EU backs terms of Brexit deal, UK set to leave Friday

European lawmakers on Wednesday overwhelmingly backed the terms of Britain’s exit from the European Union, paving the way for a full departure by Friday.

In the final major decision of the four-year saga, the European Parliament voted 621 to 49 in favor of the Brexit deal that British Prime Minister Boris Johnson negotiated with the other 27 EU leaders late last year.

European Parliament President David Sassoli, center, stands with other British MEP's and members of the political group Socialist and Democrats as they participate in a ceremony prior to the vote on the UK's withdrawal from the EU at the European Parliament in Brussels, Wednesday, Jan. 29, 2020.

European Parliament President David Sassoli, center, stands with other British MEP's and members of the political group Socialist and Democrats as they participate in a ceremony prior to the vote on the UK's withdrawal from the EU at the European Parliament in Brussels, Wednesday, Jan. 29, 2020. (AP)

After Britain's departure on Friday, the U.K. will remain within the EU's economic arrangements until the end of the year though it won't have a say in policy as it will no longer be a member of the EU.

"We will always love you and you will never be far," said EU Commission President Ursula von der Leyen on a day when some legislators were moved to tears.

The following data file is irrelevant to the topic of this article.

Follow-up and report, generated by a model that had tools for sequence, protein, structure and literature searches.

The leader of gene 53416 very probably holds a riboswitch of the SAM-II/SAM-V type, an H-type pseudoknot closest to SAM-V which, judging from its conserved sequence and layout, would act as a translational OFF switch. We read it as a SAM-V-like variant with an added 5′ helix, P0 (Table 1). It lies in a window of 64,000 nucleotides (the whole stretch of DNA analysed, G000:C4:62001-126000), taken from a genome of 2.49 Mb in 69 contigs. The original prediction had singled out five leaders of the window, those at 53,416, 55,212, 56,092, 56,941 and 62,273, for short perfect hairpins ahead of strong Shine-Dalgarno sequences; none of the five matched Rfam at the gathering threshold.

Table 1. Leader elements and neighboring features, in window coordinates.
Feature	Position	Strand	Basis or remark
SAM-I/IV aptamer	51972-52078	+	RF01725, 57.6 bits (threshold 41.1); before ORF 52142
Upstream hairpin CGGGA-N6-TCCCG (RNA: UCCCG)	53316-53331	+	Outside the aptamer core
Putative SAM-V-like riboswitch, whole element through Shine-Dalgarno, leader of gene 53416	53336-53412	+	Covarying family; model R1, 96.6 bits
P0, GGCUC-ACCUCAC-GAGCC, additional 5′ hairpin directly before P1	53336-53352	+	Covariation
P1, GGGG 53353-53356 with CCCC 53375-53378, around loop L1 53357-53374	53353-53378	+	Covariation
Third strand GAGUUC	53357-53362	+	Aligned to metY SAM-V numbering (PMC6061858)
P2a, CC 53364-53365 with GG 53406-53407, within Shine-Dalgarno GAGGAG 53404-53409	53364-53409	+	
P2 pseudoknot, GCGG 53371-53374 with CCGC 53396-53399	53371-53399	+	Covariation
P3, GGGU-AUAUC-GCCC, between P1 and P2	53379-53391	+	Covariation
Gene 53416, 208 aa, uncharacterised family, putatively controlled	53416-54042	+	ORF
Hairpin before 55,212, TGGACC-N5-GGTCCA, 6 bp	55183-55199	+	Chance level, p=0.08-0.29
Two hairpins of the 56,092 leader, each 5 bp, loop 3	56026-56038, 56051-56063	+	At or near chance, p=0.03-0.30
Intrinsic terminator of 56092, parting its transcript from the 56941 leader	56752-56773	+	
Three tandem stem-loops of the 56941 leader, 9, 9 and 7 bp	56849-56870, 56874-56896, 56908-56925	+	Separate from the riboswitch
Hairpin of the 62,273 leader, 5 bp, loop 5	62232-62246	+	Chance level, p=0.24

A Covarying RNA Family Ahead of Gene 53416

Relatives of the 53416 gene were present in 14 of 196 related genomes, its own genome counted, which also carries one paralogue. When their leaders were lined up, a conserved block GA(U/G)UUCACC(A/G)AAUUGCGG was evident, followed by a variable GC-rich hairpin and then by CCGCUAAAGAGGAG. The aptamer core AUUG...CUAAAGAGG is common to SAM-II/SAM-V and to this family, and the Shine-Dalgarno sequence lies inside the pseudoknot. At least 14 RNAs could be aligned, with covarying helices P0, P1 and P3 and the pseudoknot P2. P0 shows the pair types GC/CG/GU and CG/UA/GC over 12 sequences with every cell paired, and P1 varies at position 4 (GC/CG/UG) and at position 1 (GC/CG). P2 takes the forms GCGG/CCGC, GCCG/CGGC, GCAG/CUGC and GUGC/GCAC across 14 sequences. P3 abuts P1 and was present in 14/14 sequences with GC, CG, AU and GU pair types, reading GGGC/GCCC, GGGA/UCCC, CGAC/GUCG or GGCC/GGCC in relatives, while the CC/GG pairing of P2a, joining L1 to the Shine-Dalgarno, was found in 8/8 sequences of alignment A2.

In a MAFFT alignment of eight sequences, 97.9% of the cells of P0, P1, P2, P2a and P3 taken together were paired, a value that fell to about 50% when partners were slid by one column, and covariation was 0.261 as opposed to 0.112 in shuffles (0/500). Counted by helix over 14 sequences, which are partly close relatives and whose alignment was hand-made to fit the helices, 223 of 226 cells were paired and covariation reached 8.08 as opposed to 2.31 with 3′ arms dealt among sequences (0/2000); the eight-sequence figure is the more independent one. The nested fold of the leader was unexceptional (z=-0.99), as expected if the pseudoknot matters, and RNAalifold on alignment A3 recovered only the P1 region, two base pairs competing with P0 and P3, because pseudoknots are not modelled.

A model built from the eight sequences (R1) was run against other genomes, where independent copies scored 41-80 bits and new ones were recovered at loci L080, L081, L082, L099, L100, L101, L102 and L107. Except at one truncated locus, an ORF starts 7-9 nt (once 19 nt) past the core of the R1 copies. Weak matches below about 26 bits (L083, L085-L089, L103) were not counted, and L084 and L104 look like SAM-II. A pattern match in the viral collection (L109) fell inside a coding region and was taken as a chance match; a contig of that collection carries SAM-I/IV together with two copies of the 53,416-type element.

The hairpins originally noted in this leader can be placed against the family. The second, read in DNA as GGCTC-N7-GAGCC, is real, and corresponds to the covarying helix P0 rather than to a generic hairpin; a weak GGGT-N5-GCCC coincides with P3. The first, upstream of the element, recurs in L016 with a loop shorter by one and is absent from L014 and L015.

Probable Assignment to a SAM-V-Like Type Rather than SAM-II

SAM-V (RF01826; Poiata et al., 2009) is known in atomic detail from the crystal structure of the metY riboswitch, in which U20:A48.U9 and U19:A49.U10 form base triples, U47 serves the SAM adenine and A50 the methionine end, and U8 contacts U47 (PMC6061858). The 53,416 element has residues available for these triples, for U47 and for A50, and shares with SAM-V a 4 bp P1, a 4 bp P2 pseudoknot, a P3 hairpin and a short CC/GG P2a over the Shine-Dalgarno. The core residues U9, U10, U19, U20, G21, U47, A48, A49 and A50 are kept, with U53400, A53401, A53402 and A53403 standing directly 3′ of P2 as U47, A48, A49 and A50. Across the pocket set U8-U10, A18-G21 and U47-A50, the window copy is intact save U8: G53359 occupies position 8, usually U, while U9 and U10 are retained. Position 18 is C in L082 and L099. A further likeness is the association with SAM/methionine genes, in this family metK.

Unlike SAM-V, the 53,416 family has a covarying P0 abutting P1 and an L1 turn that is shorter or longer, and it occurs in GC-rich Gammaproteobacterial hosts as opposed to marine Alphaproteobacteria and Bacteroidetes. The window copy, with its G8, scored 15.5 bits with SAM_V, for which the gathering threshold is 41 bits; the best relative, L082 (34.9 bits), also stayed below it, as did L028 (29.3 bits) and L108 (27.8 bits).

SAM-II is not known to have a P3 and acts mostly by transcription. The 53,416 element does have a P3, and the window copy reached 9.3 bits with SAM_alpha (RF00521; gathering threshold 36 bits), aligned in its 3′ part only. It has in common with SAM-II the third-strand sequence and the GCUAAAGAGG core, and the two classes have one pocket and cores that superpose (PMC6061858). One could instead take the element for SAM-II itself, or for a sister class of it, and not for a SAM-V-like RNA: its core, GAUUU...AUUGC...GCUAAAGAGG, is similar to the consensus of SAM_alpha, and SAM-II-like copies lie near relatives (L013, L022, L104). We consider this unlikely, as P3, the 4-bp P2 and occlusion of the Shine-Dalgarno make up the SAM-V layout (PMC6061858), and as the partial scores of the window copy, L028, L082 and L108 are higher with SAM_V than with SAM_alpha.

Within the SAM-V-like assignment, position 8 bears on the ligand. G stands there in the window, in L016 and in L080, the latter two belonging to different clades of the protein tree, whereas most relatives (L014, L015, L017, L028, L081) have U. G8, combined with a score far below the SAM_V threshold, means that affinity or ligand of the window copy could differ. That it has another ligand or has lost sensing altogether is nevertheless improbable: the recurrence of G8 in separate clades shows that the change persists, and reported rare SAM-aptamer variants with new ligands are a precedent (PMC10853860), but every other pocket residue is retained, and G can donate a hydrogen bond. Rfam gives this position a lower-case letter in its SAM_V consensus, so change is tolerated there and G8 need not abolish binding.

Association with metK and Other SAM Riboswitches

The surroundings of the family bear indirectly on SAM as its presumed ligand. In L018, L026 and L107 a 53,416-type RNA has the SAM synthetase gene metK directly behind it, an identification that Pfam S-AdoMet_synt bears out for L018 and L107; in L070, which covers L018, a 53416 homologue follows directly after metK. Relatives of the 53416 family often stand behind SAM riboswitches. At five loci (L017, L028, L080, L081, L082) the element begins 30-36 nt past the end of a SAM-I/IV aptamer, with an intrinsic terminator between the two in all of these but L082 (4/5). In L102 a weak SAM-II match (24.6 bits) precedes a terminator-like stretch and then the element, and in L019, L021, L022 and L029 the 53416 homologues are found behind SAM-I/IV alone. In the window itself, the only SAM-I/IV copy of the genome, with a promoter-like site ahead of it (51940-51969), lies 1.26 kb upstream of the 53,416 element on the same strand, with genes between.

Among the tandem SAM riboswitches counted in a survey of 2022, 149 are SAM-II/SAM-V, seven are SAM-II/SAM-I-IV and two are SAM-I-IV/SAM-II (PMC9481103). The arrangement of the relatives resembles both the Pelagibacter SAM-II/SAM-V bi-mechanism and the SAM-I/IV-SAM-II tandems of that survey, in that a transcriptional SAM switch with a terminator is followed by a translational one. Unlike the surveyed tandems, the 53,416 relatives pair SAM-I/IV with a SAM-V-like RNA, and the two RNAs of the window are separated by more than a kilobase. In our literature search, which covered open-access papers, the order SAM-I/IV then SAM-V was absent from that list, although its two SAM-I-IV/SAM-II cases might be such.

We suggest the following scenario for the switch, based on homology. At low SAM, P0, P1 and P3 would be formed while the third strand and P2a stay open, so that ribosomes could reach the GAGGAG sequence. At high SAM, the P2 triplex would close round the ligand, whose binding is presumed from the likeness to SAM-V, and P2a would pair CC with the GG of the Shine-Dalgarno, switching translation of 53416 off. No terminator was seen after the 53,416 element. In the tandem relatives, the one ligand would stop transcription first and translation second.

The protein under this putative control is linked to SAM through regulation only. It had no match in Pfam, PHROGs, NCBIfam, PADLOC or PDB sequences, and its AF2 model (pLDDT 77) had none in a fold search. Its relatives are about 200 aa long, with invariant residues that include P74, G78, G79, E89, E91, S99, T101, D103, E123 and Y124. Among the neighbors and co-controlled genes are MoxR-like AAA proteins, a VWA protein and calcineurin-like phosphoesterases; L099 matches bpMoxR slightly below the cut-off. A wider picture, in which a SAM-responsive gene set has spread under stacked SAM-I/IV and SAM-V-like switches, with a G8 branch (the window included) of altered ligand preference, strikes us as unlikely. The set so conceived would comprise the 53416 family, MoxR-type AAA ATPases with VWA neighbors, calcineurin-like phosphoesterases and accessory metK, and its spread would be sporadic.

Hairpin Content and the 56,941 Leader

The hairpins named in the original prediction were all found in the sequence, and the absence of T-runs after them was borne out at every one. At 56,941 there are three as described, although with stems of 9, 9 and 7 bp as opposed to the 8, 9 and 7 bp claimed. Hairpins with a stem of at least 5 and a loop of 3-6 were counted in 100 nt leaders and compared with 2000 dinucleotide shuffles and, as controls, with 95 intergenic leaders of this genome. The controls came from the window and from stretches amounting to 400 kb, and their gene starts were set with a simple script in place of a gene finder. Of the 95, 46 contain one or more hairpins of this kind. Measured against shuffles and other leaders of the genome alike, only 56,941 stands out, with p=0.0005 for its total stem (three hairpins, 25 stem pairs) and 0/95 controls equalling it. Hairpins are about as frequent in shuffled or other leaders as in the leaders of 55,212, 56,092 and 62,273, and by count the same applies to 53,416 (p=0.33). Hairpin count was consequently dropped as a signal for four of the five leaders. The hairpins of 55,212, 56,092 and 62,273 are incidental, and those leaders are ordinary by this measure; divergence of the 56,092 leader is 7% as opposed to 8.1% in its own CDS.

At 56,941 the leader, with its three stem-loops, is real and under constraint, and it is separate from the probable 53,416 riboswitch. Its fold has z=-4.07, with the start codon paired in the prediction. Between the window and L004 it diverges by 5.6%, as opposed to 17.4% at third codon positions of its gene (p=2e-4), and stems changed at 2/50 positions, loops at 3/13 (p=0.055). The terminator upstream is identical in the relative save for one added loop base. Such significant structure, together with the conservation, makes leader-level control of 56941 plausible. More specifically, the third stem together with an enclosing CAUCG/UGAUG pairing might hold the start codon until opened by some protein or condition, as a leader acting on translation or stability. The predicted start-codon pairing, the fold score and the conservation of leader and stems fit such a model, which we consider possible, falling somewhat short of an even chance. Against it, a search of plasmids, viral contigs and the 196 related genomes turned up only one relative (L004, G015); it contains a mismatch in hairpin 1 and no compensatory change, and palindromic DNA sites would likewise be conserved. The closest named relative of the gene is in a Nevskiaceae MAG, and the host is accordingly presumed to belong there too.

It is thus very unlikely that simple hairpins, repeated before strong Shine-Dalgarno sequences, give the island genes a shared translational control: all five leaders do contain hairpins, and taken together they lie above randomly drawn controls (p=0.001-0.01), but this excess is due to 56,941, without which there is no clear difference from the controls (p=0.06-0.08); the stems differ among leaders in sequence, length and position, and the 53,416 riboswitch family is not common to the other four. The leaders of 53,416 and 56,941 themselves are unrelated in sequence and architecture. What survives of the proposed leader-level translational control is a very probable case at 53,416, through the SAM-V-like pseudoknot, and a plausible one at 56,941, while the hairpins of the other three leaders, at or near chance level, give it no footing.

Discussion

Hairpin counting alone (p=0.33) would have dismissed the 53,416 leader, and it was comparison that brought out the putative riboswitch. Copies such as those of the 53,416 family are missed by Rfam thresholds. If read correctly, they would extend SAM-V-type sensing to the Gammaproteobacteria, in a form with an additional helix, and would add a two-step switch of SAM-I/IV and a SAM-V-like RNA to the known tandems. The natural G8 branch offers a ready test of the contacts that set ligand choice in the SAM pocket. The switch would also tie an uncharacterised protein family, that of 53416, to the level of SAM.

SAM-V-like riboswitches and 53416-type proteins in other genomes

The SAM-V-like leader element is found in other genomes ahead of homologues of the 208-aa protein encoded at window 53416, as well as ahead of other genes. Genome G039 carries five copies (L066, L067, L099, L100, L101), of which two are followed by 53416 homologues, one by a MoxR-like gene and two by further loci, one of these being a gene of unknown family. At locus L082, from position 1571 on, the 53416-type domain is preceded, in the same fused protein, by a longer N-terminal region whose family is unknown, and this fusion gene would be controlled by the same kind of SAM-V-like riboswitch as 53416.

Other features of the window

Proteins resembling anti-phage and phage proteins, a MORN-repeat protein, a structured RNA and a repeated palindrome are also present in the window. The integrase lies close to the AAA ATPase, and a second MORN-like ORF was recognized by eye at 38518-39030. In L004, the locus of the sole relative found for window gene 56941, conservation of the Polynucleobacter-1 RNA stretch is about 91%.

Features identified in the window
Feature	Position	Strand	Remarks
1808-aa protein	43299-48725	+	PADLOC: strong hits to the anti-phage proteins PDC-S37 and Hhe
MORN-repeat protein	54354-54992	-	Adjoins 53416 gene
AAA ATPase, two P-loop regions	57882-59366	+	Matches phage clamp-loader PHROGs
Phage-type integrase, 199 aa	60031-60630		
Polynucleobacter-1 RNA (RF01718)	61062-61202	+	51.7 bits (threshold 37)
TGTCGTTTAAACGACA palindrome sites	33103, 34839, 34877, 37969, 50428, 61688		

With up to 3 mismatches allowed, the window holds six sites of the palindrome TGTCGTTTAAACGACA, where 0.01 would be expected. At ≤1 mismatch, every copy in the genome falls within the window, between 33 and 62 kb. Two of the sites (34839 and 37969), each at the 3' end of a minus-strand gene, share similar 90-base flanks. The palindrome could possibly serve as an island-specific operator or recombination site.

With only two days to spare, legislators approved the withdrawal agreement that will end Britain’s 47-year membership. At the same time, the vote cut the 73 U.K. parliamentarians from the 751-seat legislature.

Negotiations will now move on how to cooperate in the future. Britain is seeking to thrash out a comprehensive trade deal before the end of the year – a timetable viewed by many observers of trade discussions as ambitious.

The EU has said such a timespan is far too short and fears remain that a chaotic exit is still ahead if the transition ends without any agreement in place.

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"We will not yield to any pressure," French President Emmanuel Macron said. "The priority is to define, in the short, medium and long term the interests of the European Union and to preserve them."

Even though the European Commission's task force, led by Michel Barnier, is negotiating on the EU's behalf, the impact of major nations like France and Germany on those talks is important.

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De Montchalin said that unless Britain asks to extend the transition period before the summer, both sides will be facing a cliff-edge scenario by the end of the year where borders could be closed, tariffs imposed and rules changed overnight, to the detriment of smooth trade.

The Associated Press contributed to this report.